Jurong Point Popular bookstore among places visited by infectious coronavirus patients

People practising safe distancing and using safe entry at Jurong Point shopping centre on July 29, 2020. ST PHOTO: SHINTARO TAY

SINGAPORE - The Popular bookstore at Jurong Point has been added to the list of public places visited by Covid-19 patients while they were still infectious.

According to the Ministry of Health's (MOH) latest update on Wednesday night (Aug 5), the bookstore was visited by at least one Covid-19 case from 12.05pm to 2.30pm on July 26.

The ministry provides this list of locations that Covid-19 patients visited for more than 30 minutes to get those who were at these places to monitor their health closely for two weeks from the date of their visit.

It has said that close contacts would already have been notified and that there is no need to avoid these places as they would have been cleaned if needed.

The full list can be found on MOH's website.

There were 908 new coronavirus cases confirmed as of Wednesday noon, one of the highest number of daily cases recorded since cases exceeded 1,000 in April.

Among these, 903 were migrant workers in dormitories who are among the final batch of workers being cleared of the coronavirus, MOH said.

They come from dormitories with a relatively high prevalence of Covid-19 and were tested when they were already in isolation or in quarantine. Many were asymptomatic.

MOH added that all dormitories should be cleared by Friday, with the exception of a few blocks in dormitories that serve as quarantine facilities. These currently house about 9,700 workers in quarantine.

"We expect the daily case counts to be high for the coming days, before tapering down thereafter as the inter-agency task force completes the dormitory clearance," the ministry said.

The remaining five cases are four imported patients and a case in the community.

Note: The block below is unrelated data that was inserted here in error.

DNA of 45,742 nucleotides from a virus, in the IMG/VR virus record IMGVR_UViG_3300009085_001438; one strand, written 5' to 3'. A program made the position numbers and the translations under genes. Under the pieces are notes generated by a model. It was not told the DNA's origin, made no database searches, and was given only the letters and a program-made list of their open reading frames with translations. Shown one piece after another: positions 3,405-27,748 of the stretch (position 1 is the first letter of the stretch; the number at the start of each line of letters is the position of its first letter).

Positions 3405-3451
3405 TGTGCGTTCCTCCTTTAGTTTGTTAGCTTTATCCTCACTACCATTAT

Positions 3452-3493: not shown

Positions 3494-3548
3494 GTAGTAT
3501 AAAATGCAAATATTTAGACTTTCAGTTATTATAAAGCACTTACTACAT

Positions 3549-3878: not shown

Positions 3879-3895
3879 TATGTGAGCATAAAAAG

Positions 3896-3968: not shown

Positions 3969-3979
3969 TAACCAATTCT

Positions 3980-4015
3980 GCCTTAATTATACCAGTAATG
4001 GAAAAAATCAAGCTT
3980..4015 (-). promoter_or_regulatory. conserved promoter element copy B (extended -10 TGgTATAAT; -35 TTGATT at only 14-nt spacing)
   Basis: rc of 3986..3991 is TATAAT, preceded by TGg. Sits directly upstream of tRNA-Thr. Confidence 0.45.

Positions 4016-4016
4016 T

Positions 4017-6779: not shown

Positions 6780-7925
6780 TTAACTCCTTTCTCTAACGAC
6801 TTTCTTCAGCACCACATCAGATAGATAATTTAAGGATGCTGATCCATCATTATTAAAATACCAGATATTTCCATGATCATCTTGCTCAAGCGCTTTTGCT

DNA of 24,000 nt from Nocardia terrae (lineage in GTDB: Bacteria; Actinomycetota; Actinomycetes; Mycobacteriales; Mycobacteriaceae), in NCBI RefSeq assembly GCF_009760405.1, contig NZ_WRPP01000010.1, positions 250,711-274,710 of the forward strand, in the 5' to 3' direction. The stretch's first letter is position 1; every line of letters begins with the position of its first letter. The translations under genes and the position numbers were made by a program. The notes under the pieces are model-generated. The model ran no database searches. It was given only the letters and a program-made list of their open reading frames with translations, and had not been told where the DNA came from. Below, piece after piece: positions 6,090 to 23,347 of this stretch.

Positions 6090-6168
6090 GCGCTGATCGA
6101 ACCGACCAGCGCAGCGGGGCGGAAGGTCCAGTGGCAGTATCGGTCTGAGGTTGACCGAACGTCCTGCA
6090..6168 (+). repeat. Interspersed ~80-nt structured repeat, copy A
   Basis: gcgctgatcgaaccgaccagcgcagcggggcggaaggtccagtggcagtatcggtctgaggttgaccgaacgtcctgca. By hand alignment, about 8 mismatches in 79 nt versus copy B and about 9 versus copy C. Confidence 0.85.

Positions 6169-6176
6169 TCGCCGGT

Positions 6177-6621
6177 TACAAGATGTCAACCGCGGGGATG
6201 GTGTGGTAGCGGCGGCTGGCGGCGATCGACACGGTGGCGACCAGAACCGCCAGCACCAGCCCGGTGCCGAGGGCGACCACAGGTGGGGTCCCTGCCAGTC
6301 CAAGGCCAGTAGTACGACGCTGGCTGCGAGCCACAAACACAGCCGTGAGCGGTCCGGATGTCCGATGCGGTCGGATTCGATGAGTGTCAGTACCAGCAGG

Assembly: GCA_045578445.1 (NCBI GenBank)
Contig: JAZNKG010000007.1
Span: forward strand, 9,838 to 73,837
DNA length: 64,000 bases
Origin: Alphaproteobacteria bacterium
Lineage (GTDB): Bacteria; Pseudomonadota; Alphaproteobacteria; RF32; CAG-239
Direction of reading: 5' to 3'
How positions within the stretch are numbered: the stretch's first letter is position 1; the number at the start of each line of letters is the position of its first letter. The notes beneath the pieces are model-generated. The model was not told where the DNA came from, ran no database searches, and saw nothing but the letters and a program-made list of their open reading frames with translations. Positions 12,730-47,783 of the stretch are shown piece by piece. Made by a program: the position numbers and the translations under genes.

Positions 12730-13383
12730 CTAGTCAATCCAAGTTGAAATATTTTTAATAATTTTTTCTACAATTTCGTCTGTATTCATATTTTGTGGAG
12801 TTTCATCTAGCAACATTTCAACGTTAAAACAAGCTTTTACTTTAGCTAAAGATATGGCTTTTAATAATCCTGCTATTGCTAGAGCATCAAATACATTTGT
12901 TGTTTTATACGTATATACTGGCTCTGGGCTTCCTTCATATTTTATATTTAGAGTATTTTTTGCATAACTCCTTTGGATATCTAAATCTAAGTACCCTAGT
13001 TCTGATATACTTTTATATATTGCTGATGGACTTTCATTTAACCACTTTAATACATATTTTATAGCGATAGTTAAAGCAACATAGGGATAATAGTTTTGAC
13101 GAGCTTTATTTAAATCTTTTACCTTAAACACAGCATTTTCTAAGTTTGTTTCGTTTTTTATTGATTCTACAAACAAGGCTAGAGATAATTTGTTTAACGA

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MOH said earlier in the day that there were four cases in the community, but three have been re-classified after contact tracing.

The sole community case is a 26-year-old Bangladeshi work permit holder who was picked up as a result of the ministry's proactive screening of those working in essential services.

He was asymptomatic.

Further tests showed that he is no longer infectious and was likely to have been infected in the past.

All four imported cases arrived in Singapore from India on July 22 and were already serving mandatory stay-home notices at dedicated facilities when they were tested.

Three are dependant's pass holders - aged one, four and six - while one is a short-term visit pass holder whose application to enter Singapore was approved, as she is an elderly woman whose family members are Singapore residents, MOH said.

Singapore's total cases now stand at 54,254.

The average number of new daily community cases during a week has decreased from four two weeks ago to two in the past week. The average unlinked community cases per day has fallen from two to one over the same period.

With 314 cases discharged on Wednesday, 47,753 patients have fully recovered from the disease.

A total of 126 patients remain in hospital, including one in the intensive care unit, while 6,333 are recuperating in community facilities.

Singapore has had 27 deaths from Covid-19 complications, while 15 who tested positive have died of other causes.

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